I've been playing with pleats, but am nervous they might be too large. I'm lining the gold with a sort of chestnut colored linen and had put a strip of felt in to pad the pleats. I'm not sure they need to be that thick. I'm afraid its going to give me more of a farthingale effect, especially as the skirt of the dress will be heavily pleated as well. I think the ones in the velvet are flat pleats though. At least that's what I'm coming up with from staring at the portrait again. They look flat, right? I've attached a few of the underskirt pleats and then taken them back off the waistband three times now. This wasn't supposed to be this difficult. Grumble, grumble grrrrr. The weight of the velvet will probably crush them to some extent, so maybe they need to be that poofy. Maybe not. I have no idea. I'm going to try ripping the felt out and see if the pleats have enough body without it. Yeah, that's what I'm going to do.

Monday, May 2, 2011

Nipping procrastination in the bud

I am the world's biggest procrastinator. That's the reason I've been posting everyday first thing in the morning. Its an attempt to get momentum and accountability. I'm hoping enough momentum will result in a finished project. This morning there was nothing to post about, other than a pile of unfinished underskirt. I was just going to not post today and justify it. But then, I've been justifying no progress for a couple of days now. So, here's my diversionary tactic and kick in the pants. I offer up, my flag fan.

Its all stash stuff, which is why the dowel is a bit shorter than I would have preferred, but I'm really kind of thrilled with the happy accident of the tassels. I've had this tiny piece of trim that was too cool to throw out and too small to do anything with. I had about an inch left over. There wasn't enough for both sides, so its folded over the edge and sewn into place. It looks nice and finished on the back, but there is most certainly a front side .

The handle is treated with the same metallic rubbing wax I used for the other fan and I finished off the top and bottom of the dowel with a couple of beads. The fabric is leftover jacquard from my underskirt. I put a thin layer of card stock inside two layers of fabric and then the flag part is buttonhole stitch closed on the edge and whipped onto the dowel. The stitches aren't loose, but they do allow the flag to rotate a little. Between the little bit of give and the swing of the tassels, the fan just feels whimsical and make me grin pretty ridiculously when fanning.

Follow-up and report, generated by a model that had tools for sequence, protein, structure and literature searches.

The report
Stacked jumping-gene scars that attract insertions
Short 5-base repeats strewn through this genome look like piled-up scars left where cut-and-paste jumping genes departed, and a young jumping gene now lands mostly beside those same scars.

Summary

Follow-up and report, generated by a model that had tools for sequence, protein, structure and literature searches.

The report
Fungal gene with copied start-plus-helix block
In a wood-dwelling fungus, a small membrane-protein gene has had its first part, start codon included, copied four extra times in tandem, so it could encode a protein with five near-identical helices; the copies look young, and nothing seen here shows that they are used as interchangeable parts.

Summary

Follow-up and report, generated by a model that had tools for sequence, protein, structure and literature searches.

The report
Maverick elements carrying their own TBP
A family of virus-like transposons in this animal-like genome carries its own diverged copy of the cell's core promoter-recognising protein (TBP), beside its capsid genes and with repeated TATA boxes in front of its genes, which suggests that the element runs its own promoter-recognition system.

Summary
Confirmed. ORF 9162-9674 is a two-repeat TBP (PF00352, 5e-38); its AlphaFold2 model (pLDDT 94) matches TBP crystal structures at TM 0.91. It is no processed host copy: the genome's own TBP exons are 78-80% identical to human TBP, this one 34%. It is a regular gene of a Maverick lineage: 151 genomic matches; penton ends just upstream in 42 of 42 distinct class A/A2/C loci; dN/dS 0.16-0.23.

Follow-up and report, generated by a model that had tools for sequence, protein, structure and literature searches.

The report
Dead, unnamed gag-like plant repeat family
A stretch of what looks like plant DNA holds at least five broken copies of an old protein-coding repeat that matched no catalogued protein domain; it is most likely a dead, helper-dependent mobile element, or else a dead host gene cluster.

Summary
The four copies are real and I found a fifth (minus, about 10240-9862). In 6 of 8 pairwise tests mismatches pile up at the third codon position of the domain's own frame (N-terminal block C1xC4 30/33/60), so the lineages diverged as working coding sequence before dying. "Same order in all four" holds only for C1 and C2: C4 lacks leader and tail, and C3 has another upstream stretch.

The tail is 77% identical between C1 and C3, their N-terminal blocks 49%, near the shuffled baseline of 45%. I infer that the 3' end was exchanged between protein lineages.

Speaking of whimsy, I pulled out the materials to work on my zibellino and went and looked at Sable Greyhound Gifts for inspiration. Holly has the most beautiful zibis and droolworthy jewelry. I'm really considering forgoing the points and just having her make me the perfect zibellino and caracanet rather than making my own jewelry and fur. She lives in my Province and I've only resisted buying one so far is that I had nothing to wear with it. I won't have that excuse any more, dang it Her newest brilliant idea is the Zibaby-- miniature zibellini. I may have to make my little girls Venetian gowns and get them their own accessories so I can steal them. The thought of my one year old baby girl in a gown with a zibaby and her twin brother all done up to match in a tiny doublet is cause for squeals. My older daughter would just look elegant.

My zibellino is going to be pretty large and would be best worn over the shoulder or arm, I may still make it up just to see how it goes and buy a smaller one from Holly to dangle from the girdle as a different option.

Okay, procrastination held at bay for another day. Just keep swimming. . . er, um SEWING. Just keep sewing. The underskirt has to start taking shape soon, right?

Sunday, May 1, 2011

The myth is that I have any time

I spent yesterday separating dandelion petals from their sepals so I can make dandelion mead. Great activity and lots of chatting with me, my husband, and my crafting partner in crime, but no work on the dress happened. I should have yummy metheglin in about a years time though, so totally worth it.

I did spend a lot of time thinking about the dress. I've decided to do the felt stiffened hem rather than cording the petticoat since I want to do that sort of hem on the overdress to match the felt stiffened bodice. May as well practice on the underskirt.

I've got some scribal work to do for next week and there's a "Scribal Brunch" happening today, so I'm going to go hang out and pretend I'm working. I am excited to get the trim/guards started on the skirt now that I have an idea what I want though, so this evening should find me working. I was afraid that this layer was going to be sort of throwaway, but I had an epiphany while playing with some lace, ribbon, and trim and layering it on the gold of the skirt. I'm just going to tease with that and will show you the idea tomorrow-- even if its not sewn into place yet.

Off to play with paint and ink for awhile, and then I'll come home and put my nose back to the grindstone.